IN Combe Martin she is perhaps best known for organising the carnival for many years and work for numerous good causes... In Ilfracombe she is still addressed as Matron after working as a nurse at the Tyrrell Hospital and around the district for 36 year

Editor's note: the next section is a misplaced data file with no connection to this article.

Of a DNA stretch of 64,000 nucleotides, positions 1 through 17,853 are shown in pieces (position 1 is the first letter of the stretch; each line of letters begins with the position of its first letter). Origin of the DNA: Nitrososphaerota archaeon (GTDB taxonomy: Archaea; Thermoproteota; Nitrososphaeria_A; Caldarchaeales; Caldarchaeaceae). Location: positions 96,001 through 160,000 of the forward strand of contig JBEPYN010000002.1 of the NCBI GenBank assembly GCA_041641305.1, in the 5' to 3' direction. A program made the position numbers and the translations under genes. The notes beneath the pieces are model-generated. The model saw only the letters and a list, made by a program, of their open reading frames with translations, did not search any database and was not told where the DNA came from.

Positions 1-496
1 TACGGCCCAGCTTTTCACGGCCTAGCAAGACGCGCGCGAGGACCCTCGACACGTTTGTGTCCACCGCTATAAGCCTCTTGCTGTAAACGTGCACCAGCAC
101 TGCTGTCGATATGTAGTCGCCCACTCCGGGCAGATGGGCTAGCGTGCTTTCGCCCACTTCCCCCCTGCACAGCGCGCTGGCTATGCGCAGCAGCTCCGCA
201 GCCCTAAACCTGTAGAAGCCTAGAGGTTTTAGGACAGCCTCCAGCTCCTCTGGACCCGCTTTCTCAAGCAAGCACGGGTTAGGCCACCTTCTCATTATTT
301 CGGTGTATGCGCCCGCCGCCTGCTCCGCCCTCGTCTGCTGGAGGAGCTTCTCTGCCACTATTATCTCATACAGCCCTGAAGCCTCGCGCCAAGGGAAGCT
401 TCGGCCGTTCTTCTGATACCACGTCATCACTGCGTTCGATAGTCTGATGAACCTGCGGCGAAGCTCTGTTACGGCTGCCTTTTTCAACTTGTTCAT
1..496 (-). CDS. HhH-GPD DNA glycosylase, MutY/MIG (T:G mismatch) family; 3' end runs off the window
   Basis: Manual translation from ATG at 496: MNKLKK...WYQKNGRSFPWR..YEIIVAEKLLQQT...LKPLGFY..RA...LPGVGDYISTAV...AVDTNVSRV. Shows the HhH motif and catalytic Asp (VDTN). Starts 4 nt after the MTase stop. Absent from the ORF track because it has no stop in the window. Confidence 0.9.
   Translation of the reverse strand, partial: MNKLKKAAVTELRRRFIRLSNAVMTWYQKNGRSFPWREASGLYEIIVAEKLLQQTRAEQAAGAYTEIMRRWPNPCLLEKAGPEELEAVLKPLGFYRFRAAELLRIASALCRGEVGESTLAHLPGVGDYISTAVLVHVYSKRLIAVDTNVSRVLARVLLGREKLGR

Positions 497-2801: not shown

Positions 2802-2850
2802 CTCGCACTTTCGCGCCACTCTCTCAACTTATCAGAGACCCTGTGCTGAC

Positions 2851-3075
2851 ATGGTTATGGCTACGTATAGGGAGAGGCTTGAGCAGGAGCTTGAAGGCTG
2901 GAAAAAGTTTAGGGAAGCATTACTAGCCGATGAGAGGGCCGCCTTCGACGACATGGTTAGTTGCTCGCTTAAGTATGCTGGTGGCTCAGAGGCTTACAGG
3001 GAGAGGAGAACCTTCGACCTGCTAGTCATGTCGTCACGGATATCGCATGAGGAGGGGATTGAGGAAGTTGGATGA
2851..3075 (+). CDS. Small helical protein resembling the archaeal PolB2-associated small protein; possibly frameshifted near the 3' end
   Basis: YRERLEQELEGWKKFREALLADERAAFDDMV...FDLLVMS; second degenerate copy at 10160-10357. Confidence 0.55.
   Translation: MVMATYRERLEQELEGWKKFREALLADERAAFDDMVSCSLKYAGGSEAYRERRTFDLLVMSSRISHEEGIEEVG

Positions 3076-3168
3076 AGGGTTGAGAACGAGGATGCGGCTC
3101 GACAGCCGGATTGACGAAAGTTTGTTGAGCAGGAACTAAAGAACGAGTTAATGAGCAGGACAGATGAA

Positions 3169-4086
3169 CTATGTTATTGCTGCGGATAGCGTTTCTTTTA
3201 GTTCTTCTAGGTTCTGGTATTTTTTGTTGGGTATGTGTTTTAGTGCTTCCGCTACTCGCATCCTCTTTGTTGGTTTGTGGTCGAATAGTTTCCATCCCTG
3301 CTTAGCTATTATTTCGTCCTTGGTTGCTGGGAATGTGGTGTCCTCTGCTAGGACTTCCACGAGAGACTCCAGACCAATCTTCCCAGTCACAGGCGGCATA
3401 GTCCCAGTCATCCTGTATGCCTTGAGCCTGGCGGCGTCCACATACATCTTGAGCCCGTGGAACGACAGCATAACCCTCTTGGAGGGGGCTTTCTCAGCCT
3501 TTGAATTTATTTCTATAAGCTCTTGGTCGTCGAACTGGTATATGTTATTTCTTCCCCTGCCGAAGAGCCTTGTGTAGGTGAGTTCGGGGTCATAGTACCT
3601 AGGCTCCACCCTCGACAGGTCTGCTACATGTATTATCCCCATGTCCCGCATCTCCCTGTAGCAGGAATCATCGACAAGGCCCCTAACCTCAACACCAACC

IN Combe Martin she is perhaps best known for organising the carnival for many years and work for numerous good causes...In Ilfracombe she is still addressed as "Matron" after working as a nurse at the Tyrrell Hospital and around the district for 36 years...But wherever you go in this corner of North Devon, many people will know Jean Rumson-Waltho - in fact, several will have been delivered by her!"My husband Trevor always tells me I should write a book," said Jean, who is now 76, but continues to work hard for charities and causes in Combe Martin and across the region. In almost four decades with the carnival committee she held every post from treasurer to chairman!That is not to mention her present work, fund-raising for the Children's Hospice, on the village hall committee, as chairman of Friends of Combe Martin Health Centre, an annual shoebox appeal for Romanian orphans - the list goes on, although Jean insists she is taking it easier these days.It is almost four months since she had a major operation for bowel cancer and while all seems to have gone well, doctors have insisted she slows down a little."That's why I had to give up so much of it, but I still want to do whatever I can," she said."When you look back on it, I suppose it's already been a life and a half, but life is for living and I am determined to carry on and do as much as I can."It is perhaps this attitude and two terrible disasters which fate entwined with her life which attracted her to the nursing profession and kept her there for almost four decades.As a child Jean was a patient at Sydney House in Torrington, and was there on a terrible night in 1942 when it was destroyed by fire and five young boys perished. Ten years later she was one of the first medical staff on scene at the horrific Harrow rail crash when more than 100 people lost their lives after three trains collided.Jean Waltho was born in Ilfracombe on June 16, 1931, to a busy family of fishermen and spent much of her time living with her aunt, uncle and six cousins.She met Trevor when they were both 14 and after leaving school worked as an usherette at the Scala Cinema which used to stand opposite the garage in Ilfracombe High Street, while waiting to become old enough to begin nursing training.This was in London and she was there in 1952 when an urgent alert went out appealing for doctors and nurses who could get to Harrow and Wealdstone because there had been a train wreck.The memories of the second largest crash in British history, in which 112 died and 340 injured, still live with her, along with inspiring examples of dedication."The US Air Force were stationed nearby and they came out to help," said Jean."And I have never seen people work as hard as that; they were magnificent."Night callsTrevor went on to join the Merchant Navy while Jean became night staff nurse at the Tyrrell in 1953 and also relief midwife, later becoming relief district nurse and the sister at the Tyrrell casualty department."It wasn't unusual for me to get a call in the middle of the night to go out to Bicclescombe Maternity home and deliver a baby, as they were always short of midwives," she said."In fact I had a card a month ago asking me to a 50th party for one of the first babies I delivered!"And between all of this I had three children, too."In 1984 Jean trained as a Macmillan cancer care nurse, staying seconded to the Tyrrell, but was also given charge of the Lynton hospital due to her experience.In 1989 she was invited to Buckingham Palace for her actions during the rail disaster and services to the community, getting the chance of a private chat with Princess Diana and Prince Charles."She was smashing, she asked me about nursing and also chatted about Devon. She said how did we cope with all the visitors we had each year?"Jean's charity work covered many things, from raising money for equipment at the Tyrrell to later - and still - doing the same job as chairman of the Friends of Combe Martin Health Centre.Trevor was a member of the Combe Martin Miners archaeological group and Jean gave her support to them, as well as setting up the village Contact Club for mums and children when there were no such facilities, which ended only last year."I just enjoy the charity work and like doing it," said Jean. "Even as a child I saw where there were needs - I thought things could be better, but you need somebody to stand up to the bureaucrats."When I retired from the health service the managers said they were glad, because it was people like me who always rallied the troops!